Deadboy has never sat comfortably in any niche.
The South East London producer's music has always absorbed too many influences, too many techniques to sit easily in any one style. The explosive, skippy UK garage beat of 'If U Want Me' was allied to a rich knowledge of grime, the glossy sheen of R&B and a lot more besides.
Returning earlier this year with the Local Action backed 'White Magick' EP, Deadboy seemed to enter further expansive territory. Sumptuous sonics that at times recalled Dolphins Into The Future, the producer is now set to flip the material on its head, re-working the tracks into more club-focussed edits on 'Black Magick'.
Intrigued, Clash had a quick catch up with Deadboy.
'White Magick' feels like a definitive break from your earlier material. Did it feel that way when you were writing it? Were you conscious, say, of attempting something distinct, different?
Yeah I think when me and Tom Local Action started going through all the tracks I had we started to pull together these ones and kind of a thread formed between them all, it was obvious that these were meant to go together and in my head I formed a whole narrative around the tracks, the artwork and everything. Its definitely the most cohesive thing I've done. I don't know if I was aiming to do something totally different I think you've just got to go with whatever wants to come out of you and this was it at that time.
Although traces of grime, R&B etc remain, 'White Magick' largely has a more ethereal, ambient approach. Do you still view this as club music, as system music? If so, where would you place it?
That's why I wanted to do the club edits EP, 'Black Magick', because I wanted to play these sounds out but they weren't going to work as they were so I shaped them into something that I could play in my sets. I don't want people to think if they come to a club and I'm playing that I'm gonna be playing whale noise and flute music or something, I still love to make and play club music but sometimes records are an opportunity to create something, I feel with this one I was trying to create a 3D space or a world that I wanted to exist in or at least visit.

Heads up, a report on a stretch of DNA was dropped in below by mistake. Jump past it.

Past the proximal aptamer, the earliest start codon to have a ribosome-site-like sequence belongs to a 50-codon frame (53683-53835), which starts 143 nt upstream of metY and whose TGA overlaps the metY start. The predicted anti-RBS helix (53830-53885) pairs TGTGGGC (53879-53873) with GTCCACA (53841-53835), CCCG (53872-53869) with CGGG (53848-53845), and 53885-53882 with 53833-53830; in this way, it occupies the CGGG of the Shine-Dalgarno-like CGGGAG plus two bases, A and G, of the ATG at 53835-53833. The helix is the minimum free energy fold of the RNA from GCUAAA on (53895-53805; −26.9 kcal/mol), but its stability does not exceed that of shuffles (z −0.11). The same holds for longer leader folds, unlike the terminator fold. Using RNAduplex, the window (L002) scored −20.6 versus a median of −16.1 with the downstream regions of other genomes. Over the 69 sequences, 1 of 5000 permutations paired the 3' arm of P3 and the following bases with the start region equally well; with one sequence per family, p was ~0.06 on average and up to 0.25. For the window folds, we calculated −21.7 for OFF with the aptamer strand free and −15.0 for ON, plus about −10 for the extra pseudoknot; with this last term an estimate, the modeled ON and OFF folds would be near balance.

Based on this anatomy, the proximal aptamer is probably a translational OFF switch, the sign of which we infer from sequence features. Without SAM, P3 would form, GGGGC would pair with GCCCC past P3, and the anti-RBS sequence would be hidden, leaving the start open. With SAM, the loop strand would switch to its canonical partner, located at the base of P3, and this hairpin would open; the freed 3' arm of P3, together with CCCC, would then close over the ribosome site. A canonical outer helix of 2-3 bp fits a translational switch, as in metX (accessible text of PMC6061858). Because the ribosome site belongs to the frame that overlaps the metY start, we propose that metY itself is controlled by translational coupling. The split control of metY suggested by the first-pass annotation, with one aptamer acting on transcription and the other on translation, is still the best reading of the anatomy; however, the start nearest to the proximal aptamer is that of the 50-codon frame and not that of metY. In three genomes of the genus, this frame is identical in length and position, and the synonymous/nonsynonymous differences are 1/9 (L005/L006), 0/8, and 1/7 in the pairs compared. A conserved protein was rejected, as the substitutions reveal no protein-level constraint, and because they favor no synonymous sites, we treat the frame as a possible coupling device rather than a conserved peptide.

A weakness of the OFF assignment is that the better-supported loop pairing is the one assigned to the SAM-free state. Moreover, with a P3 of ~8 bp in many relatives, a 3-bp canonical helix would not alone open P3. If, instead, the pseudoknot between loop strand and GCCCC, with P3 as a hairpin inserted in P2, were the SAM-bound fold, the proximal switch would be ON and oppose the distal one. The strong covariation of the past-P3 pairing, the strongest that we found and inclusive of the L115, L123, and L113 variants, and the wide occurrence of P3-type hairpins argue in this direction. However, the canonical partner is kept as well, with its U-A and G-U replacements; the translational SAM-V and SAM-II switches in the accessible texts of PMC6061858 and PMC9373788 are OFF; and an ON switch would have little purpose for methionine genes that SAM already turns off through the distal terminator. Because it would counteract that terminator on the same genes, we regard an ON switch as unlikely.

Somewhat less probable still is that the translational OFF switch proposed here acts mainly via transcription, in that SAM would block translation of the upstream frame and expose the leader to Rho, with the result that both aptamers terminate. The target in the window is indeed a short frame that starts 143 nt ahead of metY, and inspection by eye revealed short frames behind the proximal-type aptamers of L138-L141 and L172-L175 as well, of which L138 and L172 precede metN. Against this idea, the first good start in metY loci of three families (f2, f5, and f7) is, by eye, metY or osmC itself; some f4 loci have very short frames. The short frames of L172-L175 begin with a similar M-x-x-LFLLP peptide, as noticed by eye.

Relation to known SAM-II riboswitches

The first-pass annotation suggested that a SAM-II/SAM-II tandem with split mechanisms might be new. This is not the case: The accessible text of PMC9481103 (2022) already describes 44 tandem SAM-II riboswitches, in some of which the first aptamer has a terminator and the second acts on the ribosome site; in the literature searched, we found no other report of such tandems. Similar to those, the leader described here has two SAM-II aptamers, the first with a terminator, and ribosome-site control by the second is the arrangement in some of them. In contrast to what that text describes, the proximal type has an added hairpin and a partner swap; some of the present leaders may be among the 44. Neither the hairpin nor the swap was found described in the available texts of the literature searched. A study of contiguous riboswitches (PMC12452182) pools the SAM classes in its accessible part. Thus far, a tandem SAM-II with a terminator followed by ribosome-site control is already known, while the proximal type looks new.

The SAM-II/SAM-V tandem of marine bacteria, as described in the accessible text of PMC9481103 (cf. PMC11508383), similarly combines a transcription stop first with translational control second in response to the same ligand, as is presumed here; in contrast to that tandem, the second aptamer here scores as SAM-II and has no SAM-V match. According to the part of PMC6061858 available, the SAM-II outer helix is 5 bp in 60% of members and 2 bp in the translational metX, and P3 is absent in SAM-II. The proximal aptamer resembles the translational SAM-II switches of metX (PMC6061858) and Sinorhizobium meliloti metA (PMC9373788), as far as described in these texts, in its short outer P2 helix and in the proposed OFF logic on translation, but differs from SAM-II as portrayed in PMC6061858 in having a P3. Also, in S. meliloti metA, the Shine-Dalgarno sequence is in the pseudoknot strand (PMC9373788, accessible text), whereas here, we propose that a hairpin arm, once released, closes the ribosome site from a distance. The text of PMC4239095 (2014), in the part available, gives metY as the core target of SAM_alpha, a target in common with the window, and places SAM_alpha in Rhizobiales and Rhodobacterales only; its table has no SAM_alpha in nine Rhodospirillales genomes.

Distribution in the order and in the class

'White Moon Garden' feels almost new age, with those blissful synths. It's almost similar to the palette Dolphins Into The Future drew from, albeit from a defiantly London vantage point. Has this been an influence? Is there a spiritual element, do you think, to what you're currently creating?
Yes I have been very into new age and early synthesizer music over the last couple of years. This has definitely coincided with a shift in my ideas about, I don't want to say spirituality but maybe consciousness. I've been reading a lot of Robert Anton Wilson, Terrence McKenna, Alejandro Jodorowsky, guys like this, and once you start to develop this outlook I think if you are an artist of any kind its impossible to avoid it coming through into what you do.
'Rye Angel' – is this a reference to Peckham Rye? Do you still feel a sense of kinship to SE, and – if so – have recent changes impacted upon you? Peckham, in particular, has shifted enormously with the influence of gentrification.
'Rye Angel' is named after William Blake who lived in South London and had a vision of an angel in a tree on Peckham Rye. Yeah, I do love south and I've lived here a long time now, but things have changed massively. There are good and bad things about this and London constantly changes but going through Lewisham now is very alarming, every spare piece of ground a towering hotel-like bunch of apartments has gone up, tiny expensive prison cells to stack commuters one on top of the other, and when all these buildings are finished and all the people move in what are they going to do because all the public spaces, clubs etc will have been closed down.
So they can get up, get on a packed train to sit in another prison box office, then go and spend the credits they have left on getting drunk in ugly chain bars. This is the London that property developers and the Tories are building.
The emergence of grime and dubstep found artists in different areas of the capital representing different sounds. Do you feel as though London still has that regionalization? Is that an important part of the capital's make up, or do you feel the city has a more fluid, and as a result, more dynamic approach?
It's definitely more fluid. Everyone is connected all the time now on internet so you don't necessarily know where anybody's from and it doesn't really matter so much any more I guess.
'Rye Angel' in particular verges on ambient, but with an enormous sense of tension. Do you mind the use of the word 'ambient' next to your music? If not, how do you think it differs from the traditional definition of ambient?